Imagining Architects: Creativity in the Religious Monuments of India

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University of Delaware Press, 2000 - Architecture - 212 pages
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"Imagining Architects explores the nature of visual inventions in the religious architecture of India using an analytical framework that gives makers of religious monuments a visibility commonly denied to them in the historiography of Indian art and architecture. The exploration is based on a series of unusual formal experiments documented in a group of stone temples built in the eleventh century in the Karnataka region of southern India. The author shows (in these experiments) a deliberate search for a new architectural principle, using textual evidence and inscriptions referring to architects. The author also demonstrates a self-conscious modernity of Karnataka's makers, who negotiated architectural traditions and religious ideas to radically change a previous architectural norm dominating the region."--BOOK JACKET.Title Summary field provided by Blackwell North America, Inc. All Rights Reserved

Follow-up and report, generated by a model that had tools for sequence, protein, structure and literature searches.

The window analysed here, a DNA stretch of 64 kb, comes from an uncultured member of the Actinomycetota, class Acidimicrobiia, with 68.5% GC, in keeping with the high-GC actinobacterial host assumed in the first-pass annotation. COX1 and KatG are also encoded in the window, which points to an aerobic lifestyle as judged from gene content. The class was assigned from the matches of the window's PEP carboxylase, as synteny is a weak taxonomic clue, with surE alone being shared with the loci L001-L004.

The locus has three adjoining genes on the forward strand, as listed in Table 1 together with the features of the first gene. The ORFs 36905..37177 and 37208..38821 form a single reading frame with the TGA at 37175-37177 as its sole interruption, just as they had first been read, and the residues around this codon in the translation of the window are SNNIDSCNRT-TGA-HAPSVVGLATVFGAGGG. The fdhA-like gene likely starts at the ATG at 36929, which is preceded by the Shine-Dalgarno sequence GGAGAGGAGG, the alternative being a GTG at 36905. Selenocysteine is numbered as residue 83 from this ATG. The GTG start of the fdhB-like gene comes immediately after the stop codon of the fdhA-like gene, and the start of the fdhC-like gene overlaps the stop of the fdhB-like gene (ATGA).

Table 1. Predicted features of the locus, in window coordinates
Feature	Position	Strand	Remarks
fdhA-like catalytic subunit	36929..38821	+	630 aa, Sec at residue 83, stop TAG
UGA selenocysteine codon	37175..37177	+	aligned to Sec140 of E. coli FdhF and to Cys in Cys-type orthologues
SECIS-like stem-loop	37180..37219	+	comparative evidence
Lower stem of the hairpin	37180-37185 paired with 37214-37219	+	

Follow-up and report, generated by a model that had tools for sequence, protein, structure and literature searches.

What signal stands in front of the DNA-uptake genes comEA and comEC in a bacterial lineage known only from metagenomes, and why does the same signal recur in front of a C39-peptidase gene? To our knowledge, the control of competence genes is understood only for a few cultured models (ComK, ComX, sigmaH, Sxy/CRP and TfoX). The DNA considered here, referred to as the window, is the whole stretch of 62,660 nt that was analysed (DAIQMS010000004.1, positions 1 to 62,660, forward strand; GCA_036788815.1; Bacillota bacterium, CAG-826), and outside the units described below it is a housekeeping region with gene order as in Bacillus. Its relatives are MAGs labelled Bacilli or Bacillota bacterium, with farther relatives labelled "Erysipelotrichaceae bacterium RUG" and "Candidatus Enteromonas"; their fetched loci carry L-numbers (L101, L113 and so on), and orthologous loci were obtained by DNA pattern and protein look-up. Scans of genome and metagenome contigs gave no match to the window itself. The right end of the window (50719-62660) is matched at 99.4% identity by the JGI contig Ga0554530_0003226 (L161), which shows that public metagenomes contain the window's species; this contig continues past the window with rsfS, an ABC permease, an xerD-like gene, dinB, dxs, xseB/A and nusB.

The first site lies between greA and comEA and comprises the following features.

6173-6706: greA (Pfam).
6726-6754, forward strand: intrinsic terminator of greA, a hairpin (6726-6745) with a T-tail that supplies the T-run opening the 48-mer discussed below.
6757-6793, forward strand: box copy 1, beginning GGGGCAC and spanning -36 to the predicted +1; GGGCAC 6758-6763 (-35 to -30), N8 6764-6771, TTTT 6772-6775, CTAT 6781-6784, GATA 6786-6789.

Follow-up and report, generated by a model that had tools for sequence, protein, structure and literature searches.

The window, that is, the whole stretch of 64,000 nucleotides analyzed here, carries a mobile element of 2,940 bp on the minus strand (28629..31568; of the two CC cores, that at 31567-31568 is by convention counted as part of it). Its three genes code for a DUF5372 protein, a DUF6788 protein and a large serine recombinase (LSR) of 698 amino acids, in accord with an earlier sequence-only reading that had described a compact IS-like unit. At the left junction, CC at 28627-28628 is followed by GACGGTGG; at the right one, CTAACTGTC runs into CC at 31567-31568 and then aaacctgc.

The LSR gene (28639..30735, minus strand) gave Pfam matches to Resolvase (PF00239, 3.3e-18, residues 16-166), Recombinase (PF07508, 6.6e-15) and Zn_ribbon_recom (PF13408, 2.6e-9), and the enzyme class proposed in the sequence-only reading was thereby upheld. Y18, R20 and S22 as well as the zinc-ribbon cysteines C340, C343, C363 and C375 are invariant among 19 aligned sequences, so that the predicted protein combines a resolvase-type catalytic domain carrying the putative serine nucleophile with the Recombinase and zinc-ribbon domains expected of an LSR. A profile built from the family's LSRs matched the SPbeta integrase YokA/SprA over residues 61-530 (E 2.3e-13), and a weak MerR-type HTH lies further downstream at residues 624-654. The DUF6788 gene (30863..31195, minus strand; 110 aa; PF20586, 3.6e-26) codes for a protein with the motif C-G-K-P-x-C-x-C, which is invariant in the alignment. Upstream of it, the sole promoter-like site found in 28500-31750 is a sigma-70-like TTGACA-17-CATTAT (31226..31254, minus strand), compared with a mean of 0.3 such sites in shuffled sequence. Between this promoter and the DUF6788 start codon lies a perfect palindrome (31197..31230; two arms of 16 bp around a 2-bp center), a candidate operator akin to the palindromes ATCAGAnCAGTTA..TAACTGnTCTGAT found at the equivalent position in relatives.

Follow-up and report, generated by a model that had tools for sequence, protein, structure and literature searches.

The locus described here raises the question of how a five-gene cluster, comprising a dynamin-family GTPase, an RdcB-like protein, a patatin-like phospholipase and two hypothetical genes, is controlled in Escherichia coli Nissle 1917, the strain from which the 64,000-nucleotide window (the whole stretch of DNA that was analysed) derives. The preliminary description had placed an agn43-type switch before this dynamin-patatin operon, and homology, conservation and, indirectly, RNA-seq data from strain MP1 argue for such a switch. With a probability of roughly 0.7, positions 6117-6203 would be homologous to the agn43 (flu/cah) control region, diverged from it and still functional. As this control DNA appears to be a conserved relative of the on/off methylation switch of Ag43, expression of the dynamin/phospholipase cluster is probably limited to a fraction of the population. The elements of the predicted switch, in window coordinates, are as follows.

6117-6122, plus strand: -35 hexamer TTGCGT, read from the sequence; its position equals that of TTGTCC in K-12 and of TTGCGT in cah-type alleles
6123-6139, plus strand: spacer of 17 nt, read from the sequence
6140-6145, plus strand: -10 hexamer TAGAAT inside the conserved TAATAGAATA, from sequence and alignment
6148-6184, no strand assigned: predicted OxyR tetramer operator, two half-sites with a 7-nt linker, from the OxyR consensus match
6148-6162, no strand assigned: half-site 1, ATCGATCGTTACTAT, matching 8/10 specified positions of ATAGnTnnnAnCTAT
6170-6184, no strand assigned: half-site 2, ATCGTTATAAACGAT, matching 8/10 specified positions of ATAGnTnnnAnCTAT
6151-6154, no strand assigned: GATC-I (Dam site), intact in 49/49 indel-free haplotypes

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Contents

List of Figures
7
Preface and Acknowledgments
13
An Architectural Mule
19
Regional Theory in the Definition of Hybrid
31
Drifts in Southern Architecture
52
The Vesara Moment
77
Individuality and Agency in Vesara Architecture
100
The Geography of Vesara Architecture Karnataka in ca AD 1100
126
So What? The Expressive Content of Vesara
167
Conclusion Makers and Making of Indian Temple Architecture
188
Notes
191
Glossary of Sanskrit Terms
204
Bibliography
206
Index
210
Copyright

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Page 206 - Survey of Western India. Report of the First Season's Operations in the Belgam and Kaladgi Districts. January to May, 1874. Prepared at the India Museum and Published under the Authoiity of the Secretary of State for India in Council. By JAMES BURGESS, Author of the " Rock Temples of Elephanta," &c., &c., and Editor of
Page 207 - Pali, Sanskrit and Old Canarese Inscriptions from the Bombay Presidency and parts of the Madras Presidency and Mysore, and in the next year BL Rice published his Mysore Inscriptions.
Page 207 - Gravely, FH, and TN Ramachandran. "The Three Main Styles of Temple Architecture Recognized by the Silpa-Sastras.

About the author (2000)

Ajay Sinha currently teaches in the Art Department at Mount Holyoke College as Associate Professor.

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